There was a time when 1 easy tip on where to place the menu was a sentence that could not be written. That was a time when all websites were viewed on a desktop, or laptop machines and the viewing rules were clear.
In that time we could create pixel perfect layouts that had a set framework to present in and where the menu went could be very much a design choice as well as a functional one. Not only that, but slower bandwidth speeds gave the viewer time to work out what was what and decide what to do next. Perhaps even time to appreciate the design – we might hope.
That time has gone.
Now when a website might be viewed on a massive of range of devices from TVs to smartphones and 4G is giving us speeds on our mobile handset that one time could only have been dreamt of down a copper wire, things are just not the same.
Websites are now viewed on the go and even on the desktop, the patience is just not there. Anything beyond a 10 second delay and research has shown that users “start thinking about other things”*.
This impatience has the unintended consequence of making the form of the website increasingly standardised for the very good reason that the viewer needs to get to the content they are seeking much faster now than before.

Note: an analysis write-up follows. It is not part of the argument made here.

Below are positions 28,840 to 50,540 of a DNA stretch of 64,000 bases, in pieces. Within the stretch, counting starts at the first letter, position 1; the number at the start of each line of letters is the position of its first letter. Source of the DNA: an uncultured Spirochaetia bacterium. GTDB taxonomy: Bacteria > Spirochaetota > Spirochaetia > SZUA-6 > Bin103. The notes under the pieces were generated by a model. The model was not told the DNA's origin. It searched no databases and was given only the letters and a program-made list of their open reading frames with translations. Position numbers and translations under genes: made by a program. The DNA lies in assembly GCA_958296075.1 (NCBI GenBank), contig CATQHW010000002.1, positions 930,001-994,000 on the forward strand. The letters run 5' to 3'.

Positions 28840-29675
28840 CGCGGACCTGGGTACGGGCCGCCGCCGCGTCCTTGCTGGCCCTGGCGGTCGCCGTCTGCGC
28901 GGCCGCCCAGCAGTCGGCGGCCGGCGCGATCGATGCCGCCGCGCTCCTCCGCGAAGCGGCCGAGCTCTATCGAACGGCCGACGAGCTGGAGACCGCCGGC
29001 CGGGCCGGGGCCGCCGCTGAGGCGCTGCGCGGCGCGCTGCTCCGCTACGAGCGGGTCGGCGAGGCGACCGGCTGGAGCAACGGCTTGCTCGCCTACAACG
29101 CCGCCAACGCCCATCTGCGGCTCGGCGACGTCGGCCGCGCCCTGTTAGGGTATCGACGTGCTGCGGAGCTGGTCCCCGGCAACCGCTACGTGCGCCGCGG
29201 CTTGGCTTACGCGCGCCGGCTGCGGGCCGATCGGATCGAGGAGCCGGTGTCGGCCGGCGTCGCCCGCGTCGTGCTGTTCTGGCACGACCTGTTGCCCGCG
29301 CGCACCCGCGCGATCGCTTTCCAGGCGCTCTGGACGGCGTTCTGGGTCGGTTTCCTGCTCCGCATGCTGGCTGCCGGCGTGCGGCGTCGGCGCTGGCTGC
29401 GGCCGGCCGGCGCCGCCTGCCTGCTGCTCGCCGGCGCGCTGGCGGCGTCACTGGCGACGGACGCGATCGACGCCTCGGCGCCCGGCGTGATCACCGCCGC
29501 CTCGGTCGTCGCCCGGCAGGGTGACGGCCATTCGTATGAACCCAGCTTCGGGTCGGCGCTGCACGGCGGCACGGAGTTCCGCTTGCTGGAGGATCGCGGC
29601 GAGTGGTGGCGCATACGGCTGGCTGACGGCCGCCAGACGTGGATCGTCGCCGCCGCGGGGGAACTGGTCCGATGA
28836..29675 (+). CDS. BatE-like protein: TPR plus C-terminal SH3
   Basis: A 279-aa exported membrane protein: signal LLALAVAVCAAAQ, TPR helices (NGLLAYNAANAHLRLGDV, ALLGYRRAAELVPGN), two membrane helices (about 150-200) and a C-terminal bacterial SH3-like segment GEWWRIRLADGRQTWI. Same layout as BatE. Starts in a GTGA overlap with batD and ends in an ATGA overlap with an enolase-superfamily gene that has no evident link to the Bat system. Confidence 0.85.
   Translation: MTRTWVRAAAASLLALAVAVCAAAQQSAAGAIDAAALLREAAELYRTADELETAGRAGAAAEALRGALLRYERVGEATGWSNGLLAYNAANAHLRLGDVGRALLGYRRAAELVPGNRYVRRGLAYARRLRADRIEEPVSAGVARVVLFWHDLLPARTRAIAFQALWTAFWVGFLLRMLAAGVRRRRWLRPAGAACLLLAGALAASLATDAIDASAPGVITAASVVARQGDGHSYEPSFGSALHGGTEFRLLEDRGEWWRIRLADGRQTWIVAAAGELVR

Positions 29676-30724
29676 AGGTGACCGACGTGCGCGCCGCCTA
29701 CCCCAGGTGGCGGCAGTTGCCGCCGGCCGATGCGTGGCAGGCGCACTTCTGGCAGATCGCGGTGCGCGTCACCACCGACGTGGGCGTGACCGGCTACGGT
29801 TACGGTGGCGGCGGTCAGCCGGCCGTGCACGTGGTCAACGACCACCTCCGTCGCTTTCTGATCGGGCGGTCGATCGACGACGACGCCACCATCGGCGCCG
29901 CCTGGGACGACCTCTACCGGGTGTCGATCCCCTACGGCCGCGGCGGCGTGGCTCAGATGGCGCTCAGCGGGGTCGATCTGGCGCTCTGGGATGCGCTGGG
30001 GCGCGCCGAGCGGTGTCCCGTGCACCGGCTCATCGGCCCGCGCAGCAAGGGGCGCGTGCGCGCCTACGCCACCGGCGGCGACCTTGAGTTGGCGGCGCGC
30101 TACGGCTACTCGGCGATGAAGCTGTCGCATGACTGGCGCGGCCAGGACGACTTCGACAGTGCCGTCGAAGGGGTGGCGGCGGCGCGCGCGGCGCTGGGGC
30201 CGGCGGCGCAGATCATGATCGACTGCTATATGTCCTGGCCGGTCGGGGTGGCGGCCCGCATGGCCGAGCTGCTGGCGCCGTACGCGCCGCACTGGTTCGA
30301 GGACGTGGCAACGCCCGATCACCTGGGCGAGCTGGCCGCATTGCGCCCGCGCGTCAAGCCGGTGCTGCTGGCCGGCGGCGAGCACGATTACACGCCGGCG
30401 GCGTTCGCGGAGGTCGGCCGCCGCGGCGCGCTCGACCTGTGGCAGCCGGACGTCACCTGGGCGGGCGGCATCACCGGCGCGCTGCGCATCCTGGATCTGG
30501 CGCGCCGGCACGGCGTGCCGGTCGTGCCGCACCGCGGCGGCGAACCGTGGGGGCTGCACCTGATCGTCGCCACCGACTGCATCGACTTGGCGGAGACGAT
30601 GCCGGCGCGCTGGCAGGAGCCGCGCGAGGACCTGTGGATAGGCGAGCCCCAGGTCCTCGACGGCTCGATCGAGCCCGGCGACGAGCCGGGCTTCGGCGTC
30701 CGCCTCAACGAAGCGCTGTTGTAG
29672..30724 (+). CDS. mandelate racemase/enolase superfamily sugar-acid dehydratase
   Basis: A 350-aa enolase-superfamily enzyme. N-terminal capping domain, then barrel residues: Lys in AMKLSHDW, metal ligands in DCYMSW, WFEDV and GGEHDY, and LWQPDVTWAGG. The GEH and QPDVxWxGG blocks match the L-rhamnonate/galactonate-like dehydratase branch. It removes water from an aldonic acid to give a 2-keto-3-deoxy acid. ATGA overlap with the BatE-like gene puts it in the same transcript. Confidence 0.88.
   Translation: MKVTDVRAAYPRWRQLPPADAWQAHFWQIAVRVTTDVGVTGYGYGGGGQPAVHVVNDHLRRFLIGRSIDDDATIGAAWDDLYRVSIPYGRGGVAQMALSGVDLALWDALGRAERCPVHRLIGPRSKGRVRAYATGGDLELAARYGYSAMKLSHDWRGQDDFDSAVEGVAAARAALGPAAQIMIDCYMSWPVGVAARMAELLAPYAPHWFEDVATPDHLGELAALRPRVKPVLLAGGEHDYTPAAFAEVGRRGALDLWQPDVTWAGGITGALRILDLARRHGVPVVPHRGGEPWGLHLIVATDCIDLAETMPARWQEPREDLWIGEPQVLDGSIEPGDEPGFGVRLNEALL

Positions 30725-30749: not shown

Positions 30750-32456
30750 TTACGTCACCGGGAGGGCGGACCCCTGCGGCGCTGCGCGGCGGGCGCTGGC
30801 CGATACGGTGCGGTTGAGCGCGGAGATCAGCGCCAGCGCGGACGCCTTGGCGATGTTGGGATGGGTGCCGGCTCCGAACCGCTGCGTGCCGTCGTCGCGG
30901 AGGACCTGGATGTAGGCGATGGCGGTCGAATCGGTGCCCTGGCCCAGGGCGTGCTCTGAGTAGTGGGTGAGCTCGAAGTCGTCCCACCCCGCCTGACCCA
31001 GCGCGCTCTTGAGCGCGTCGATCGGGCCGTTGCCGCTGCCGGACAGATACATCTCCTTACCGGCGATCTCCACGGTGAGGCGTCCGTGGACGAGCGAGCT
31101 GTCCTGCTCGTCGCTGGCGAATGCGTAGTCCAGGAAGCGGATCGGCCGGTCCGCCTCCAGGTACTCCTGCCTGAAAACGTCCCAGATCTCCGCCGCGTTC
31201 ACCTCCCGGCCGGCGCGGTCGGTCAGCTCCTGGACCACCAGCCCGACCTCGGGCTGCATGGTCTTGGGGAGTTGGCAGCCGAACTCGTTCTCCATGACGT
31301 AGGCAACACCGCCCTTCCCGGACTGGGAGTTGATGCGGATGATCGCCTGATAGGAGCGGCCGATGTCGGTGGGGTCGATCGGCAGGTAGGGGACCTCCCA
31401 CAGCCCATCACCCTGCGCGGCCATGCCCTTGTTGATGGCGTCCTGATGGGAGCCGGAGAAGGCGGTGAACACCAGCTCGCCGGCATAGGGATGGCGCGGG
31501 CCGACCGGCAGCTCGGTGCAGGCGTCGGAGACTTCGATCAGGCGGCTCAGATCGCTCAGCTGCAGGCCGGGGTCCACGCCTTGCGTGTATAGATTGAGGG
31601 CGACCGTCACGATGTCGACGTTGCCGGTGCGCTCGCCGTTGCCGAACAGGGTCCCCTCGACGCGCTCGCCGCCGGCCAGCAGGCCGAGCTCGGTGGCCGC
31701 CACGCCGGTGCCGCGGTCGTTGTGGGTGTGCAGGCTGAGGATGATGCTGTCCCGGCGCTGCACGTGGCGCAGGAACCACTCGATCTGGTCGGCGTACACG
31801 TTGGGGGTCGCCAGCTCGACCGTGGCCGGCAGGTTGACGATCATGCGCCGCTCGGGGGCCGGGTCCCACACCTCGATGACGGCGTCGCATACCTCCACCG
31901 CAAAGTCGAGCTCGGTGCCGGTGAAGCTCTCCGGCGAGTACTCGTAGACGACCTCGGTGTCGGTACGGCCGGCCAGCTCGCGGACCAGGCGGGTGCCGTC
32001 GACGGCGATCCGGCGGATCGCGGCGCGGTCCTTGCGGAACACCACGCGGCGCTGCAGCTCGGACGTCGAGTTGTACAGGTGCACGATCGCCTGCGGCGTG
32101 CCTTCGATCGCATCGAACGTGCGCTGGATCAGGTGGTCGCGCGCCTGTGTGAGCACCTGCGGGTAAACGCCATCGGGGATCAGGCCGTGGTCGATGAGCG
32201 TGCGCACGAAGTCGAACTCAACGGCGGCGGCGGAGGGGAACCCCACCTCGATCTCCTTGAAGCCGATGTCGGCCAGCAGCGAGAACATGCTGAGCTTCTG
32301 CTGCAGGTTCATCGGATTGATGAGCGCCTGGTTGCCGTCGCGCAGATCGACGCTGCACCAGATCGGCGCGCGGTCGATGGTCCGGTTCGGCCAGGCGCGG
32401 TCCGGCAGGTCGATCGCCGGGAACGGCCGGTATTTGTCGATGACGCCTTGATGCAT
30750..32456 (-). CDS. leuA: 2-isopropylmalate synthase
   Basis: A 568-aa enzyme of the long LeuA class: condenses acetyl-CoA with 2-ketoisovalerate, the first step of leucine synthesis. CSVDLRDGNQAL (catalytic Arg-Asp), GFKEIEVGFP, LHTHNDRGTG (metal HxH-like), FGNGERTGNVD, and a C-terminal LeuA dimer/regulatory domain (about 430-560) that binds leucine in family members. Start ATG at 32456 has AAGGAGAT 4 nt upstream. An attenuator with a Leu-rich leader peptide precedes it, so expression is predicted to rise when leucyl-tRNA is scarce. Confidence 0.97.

This means that the old design problem of where should the menu be is fading away and the choice is more about colour and form than about location.
The common client wish to create a website that looks different from every other website is a worthy aspiration, but risks flushing money down the drain in the creation of a website that is difficult to understand quickly and which can frustrate the impatient viewer and drive them away.
The menu is of course not the content, but the key to the content. You don’t go into a restaurant and start eating the menu. Like any key, the menu has to be at hand when you need to it to unlock something which is why it is usually in our pocket, or handbag.
The choice is therefore clear and it is a choice of 1. The menu must be where we can easily find it on any device and no matter what the orientation of the device. This means it has to be on top and (ideally) always visible.
Would you like more convincing? Frankly, neither of us has the time.